An analysis of a DC Cam report on rape in DK
In number 15, March 2001, of the Documentation Center journal, Searching for the Truth [in Khmer],The Center's director, Chhang Youk wrote, page 1, that the Center had records showing at least 156 cases of rape by Khmer Rouge cadres, and that those cadres had not been punished by "elimination", but that on the contrary many of the women, after being raped, had been eliminated on the grounds that they had served the CIA, the KGB, or were 'enemies'.
The documents to which Chhang Youk referred have been compiled in English summary form by Tieng Sopheak Vichea in a volume entitled "Sexual Abuse Cases Under the Democratic Kampuchea (Khmer Rouge) Regime", Phnom Penh, May 1999.
This volume contains summaries of 156 files, all but 3 apparently dossiers of prison confessions, and of those all but 4 confessions by Democratic Kampuchea personnel; and in the dossiers 290 cases of 'sexual offences', as defined by Khmer Rouge morality rules, are listed. In the summaries of each case, except one, there are 'perpetrators' (men) and 'victims' (women). A breakdown of the cases into categories of offences, confessed, alleged, or hearsay, does not support the statement made by Chhang Youk, nor even the title of the volume of English summaries.
Under the rules of Khmer Rouge morality, any sexual activity outside of marriages which they recognized was considered an offence. The Khmer term for illegal, according to their rules, consensual sex, including flirtation without bodily contact, or sometimes even too friendly conversation between a man and a woman, was khoh ['wrong'] silathoa ['morality'], or in plain English, 'immorality'. This was distinguished from rape, romlop.
In analyzing the 290 cases in the 156 files, we must first note that not all of the 153 persons who had been arrested and whose confessions, plus three other documents, these files constitute, were charged with rape or immorality. Most of them had been arrested for political crimes, treason, sabotage, etc.; and the tales of rape and immorality came out in the course of their confessions. Since in such confessions they had to relate all of their activities over a period of years, they spoke of their friends and associates, and related the peccadilloes, real or alleged, of those persons also. That is why 156 dossiers contain 290 cases. In the 152 [recheck number] dossiers which were confessions by DK personnel, mostly men, most of the women involved were also DK personnel. There are very few cases of immorality or rape involving DK men and women from among the 'new people' evacuated from the towns.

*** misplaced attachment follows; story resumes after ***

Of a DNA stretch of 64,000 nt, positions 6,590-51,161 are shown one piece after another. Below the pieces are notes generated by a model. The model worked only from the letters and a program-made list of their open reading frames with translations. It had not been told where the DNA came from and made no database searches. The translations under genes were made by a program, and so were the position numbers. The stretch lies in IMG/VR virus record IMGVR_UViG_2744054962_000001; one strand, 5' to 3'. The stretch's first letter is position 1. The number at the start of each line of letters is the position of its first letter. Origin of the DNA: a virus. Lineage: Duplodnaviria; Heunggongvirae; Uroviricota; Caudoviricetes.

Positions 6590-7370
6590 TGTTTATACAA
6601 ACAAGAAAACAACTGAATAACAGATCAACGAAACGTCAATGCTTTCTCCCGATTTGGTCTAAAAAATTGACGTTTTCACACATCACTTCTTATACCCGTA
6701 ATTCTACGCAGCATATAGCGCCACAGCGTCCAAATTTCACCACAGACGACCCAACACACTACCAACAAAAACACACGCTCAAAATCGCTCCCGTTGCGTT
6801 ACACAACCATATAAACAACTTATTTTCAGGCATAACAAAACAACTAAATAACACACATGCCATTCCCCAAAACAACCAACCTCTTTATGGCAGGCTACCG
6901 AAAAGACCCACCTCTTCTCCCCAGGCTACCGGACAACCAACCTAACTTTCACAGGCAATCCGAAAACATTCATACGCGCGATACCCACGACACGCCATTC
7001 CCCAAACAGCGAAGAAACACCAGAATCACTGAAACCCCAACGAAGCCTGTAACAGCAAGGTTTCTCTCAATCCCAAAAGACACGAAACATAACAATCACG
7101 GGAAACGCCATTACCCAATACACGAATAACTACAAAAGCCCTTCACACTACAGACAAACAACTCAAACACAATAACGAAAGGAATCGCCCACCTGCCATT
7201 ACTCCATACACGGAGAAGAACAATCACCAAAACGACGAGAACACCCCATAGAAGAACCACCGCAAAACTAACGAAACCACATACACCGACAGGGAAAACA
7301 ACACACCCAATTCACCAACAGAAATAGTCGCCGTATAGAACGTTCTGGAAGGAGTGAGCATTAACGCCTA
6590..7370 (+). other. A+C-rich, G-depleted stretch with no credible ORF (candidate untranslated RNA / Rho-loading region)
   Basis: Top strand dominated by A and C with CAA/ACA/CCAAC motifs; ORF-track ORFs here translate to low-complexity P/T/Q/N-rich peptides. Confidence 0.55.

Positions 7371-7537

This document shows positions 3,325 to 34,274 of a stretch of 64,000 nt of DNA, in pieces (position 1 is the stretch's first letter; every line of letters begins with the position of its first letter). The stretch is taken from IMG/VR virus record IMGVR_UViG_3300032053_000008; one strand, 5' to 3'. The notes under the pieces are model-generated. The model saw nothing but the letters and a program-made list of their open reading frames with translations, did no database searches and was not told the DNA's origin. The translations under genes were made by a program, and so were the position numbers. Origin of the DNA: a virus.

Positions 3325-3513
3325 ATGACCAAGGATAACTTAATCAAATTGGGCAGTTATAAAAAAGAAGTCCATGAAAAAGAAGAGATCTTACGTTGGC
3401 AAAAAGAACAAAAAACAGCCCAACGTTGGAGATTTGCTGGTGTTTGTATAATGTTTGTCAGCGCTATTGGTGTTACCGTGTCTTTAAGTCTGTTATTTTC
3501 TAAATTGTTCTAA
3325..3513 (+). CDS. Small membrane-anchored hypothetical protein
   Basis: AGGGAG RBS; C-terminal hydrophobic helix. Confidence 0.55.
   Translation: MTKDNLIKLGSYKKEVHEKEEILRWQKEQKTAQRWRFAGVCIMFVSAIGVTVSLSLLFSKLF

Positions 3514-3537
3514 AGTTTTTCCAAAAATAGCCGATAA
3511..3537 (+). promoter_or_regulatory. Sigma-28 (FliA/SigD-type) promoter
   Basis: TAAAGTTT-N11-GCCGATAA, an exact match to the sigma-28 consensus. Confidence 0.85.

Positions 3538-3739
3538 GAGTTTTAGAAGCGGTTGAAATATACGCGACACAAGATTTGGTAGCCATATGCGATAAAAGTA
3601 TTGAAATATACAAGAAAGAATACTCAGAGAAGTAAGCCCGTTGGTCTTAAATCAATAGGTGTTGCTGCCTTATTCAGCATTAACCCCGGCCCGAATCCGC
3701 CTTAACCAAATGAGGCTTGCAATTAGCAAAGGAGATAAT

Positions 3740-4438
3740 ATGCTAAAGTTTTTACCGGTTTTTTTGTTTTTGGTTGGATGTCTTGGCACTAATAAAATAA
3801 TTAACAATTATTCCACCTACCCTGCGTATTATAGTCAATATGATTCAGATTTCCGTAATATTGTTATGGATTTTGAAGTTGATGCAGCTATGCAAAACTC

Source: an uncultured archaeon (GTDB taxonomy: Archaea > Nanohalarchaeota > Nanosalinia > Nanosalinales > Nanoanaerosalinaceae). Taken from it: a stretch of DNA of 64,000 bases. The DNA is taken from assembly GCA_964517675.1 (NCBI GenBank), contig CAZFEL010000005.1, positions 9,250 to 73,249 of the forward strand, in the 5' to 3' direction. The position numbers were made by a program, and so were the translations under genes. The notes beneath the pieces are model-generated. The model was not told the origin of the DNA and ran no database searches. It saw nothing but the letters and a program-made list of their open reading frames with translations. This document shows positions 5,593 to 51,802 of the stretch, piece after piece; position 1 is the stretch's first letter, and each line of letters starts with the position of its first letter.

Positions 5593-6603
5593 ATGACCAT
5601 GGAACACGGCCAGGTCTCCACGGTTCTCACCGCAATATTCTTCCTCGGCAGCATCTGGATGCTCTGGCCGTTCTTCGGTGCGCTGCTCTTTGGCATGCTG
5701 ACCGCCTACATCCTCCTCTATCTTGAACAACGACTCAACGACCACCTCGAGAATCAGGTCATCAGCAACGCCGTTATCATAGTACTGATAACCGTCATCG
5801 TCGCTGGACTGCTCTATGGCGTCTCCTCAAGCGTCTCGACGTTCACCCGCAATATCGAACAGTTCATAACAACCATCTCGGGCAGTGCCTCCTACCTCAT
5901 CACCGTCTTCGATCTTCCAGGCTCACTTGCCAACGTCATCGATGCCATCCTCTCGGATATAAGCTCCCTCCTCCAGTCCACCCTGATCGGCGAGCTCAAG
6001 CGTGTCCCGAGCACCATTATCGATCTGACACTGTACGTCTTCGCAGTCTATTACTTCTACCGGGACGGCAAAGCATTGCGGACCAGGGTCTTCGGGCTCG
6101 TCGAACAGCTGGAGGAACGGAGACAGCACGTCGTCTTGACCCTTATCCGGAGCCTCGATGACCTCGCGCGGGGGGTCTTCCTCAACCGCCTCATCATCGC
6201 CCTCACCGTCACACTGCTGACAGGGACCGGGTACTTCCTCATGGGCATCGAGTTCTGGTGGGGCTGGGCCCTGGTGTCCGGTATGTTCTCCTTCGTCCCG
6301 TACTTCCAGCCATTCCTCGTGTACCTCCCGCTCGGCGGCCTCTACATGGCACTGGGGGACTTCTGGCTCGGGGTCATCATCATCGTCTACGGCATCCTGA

In general it has been held by investigators that KR prison confessions contain much that is untrue, which the prisoners were forced to confess, or stories which they invented hoping for lenient treatment for themselves. Thus some of their allegations of sexual improprieties by others than themselves are certainly forced, although it is impossible to identify which ones are false. Probably the allegations or confessions of sexual improprieties made in connection with confession or allegation of CIA activities are false, at least if the assumption of most investigators so far, that all allegations of CIA activities are false, is accepted. It will not do to hold that any allegation of CIA work is false, but any charge of immorality or rape must be true. Incidentally there are no allegations of KGB involvement in these cases, and only 8 cases in which involvement with the CIA is alleged (5 cases of 'immorality' and 3 rape allegations).
Since it is generally believed that no one whose prison confessions are preserved survived, those 153 persons must have been executed, although not all of them were initially charged with, nor, presumably, executed for sexual immorality. So, if sex was a major charge against them, they were indeed punished severely.